Tuesday, September 06, 2005

Hurricane Katrina Effects on the Housing Bubble

So what will Hurricane Katrina's impact be on the housing bubble? Will it be a factor in prolonging the bubble or will it help pop the bubble ?

Reasons Katrina would be a factor in prolonging the bubble:
  • hundreds of thousands of homes were destroyed. Thus supply has been reduced and hence that causes upward price pressure
  • Building materials increase in cost due to increased demand thus causing upward price pressure on new homes.
  • The Fed decides Not to raise short term interest rates this month because of increased economic risks due to the hurricane
Reasons Katrina would be a factor in popping the bubble:
  • People view housing as a more risky investment due to an enhanced awareness of natural disasters.
  • Gas prices continue to remain high. People have less money to spend on housing.
  • Economy suffers due to the hurricane.
Overall, I maintain that the hurricane is a negative factor for the housing boom.


  1. I disagree that the hurricane will adversly affect the housing market. I believe that the fed will stop tightening in the short to mid term - thus keeping mortgage rates stable. I also believe that building materials will see a significant increase in pricing. Of course this will harm home builders who have sold units with delivery 6 to 18 months out. New contracts will reflect higher construction costs and, I believe, this will put upward pressure on prices of existing homes. Those who have contracts for purchase of new homes with delivery months out will almost certainly benefit.

  2. David, one more comment regarding your statement that housing will be perceived as risky due to natural disasters - FLOOD AND WIND INSURANCE!!! I have 3 properties in southwest florida and sleep like a baby.

  3. how are those rates on your insurance in SW florida?

  4. I don't think the Fed will raise rates this time either while they are assessing the economic fallout from Katrina. But then this recently occurred to me: It seems to me that the last thing the Fed might want is to see rampant housing price inflation hit the houses being built/rebuilt in New Orleans. What do you think of that? Would the Fed even care? How might they act if they do care?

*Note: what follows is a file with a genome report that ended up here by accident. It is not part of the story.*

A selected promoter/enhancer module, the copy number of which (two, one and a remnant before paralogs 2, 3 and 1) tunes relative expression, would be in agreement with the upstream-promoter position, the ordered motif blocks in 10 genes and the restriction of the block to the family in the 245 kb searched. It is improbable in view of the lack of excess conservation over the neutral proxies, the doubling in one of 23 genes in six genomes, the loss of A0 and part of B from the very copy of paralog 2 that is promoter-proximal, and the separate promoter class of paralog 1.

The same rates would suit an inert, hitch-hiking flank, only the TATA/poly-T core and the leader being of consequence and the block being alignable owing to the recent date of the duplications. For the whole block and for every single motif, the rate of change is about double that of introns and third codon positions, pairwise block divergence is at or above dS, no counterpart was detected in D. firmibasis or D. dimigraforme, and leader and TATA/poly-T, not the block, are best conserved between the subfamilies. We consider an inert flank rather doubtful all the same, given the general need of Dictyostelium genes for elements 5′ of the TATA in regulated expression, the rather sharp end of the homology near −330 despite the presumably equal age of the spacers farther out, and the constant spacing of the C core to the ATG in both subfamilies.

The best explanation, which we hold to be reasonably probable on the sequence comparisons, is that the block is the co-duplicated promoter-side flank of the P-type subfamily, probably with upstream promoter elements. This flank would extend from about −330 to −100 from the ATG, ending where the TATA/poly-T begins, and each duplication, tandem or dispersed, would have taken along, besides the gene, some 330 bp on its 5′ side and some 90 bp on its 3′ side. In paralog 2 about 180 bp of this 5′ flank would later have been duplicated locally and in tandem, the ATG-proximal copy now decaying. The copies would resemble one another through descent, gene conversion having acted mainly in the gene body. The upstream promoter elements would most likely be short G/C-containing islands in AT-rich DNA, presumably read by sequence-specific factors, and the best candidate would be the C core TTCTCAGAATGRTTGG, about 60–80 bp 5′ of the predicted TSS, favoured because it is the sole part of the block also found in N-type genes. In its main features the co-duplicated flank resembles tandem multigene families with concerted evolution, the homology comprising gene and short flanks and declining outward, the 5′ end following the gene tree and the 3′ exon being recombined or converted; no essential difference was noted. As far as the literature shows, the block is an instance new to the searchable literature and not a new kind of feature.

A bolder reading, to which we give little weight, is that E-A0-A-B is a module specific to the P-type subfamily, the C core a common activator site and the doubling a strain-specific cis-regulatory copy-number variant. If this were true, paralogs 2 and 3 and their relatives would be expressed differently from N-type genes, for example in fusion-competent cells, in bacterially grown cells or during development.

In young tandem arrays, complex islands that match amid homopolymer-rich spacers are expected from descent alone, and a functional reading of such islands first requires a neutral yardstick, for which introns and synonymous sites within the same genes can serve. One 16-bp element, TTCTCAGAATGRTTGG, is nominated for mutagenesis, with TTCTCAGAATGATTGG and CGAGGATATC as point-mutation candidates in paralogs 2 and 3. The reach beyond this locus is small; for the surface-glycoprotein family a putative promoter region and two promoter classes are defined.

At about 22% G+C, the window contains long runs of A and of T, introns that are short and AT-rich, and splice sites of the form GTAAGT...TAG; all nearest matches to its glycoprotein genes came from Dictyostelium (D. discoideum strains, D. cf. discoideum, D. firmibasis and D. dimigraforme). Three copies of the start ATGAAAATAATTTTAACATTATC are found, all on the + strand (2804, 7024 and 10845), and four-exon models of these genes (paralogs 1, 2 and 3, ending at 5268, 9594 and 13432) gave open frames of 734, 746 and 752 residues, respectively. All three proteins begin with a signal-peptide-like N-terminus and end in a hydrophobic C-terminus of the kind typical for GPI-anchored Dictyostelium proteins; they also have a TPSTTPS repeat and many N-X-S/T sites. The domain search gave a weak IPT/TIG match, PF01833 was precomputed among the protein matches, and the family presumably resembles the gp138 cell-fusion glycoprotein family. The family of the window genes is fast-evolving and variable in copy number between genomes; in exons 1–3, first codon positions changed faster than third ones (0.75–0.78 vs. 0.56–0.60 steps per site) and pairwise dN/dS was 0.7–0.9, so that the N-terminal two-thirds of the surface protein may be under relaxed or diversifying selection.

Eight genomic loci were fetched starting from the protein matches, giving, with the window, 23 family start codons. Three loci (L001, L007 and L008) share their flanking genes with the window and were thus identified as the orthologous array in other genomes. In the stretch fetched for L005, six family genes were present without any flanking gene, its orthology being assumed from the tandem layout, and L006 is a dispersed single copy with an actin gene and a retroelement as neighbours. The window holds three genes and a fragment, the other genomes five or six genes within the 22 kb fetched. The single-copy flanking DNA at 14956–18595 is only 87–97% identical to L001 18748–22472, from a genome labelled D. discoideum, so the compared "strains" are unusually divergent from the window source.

5. Tough call as if the Feds will raise rates this month.

    "It seems to me that the last thing the Fed might want is to see rampant housing price inflation hit the houses being built/rebuilt in New Orleans. What do you think of that?"

    The Feds have little control over this ( unless they raise rates a ridiculous amount; they won't). Hopefully, rampant price inflation will not occur.

    "Would the Fed even care?"

    They might care. But have very little control unless they do something extreme (which they won't).

  6. David: my insurance premiums are high (as much as 3K for my beachfront property). This is just one item that must be included in the equation when crunching numbers and deciding whether to purchase. On the other hand, property taxes are quite low. I have most of my property in Northern Virginia. I have been an investor for almost 25 years. I just wanted to make a specific comment on the "natural disaster" aspect of your analysis. p.s. - enjoy this site. just started reading it last week.

  7. Welcome to the site. Tthanks of for your information. :-) There is much I learn from my readers.

  8. Rates will be raised at the next meeting, however, there will be language included that will say something like "the economic recovery is still strong, but we will have to watch closely over the next few month what effects hurricane Katrina will have on the economy". Greenspan already has very little credibility with bond invester, and if he doesn't want an exacerbation of his "connundrum", he must push forward.

  9. One thing noboody seems to be accounting for is that the housing lose is in the south. Most southern states are not frothy housing markets (with the exception of FL). In fact I think most of the displaced people will end up in Texas, a place with some of the lowest housing increases in these past few bubble years (and lots of land ready for development).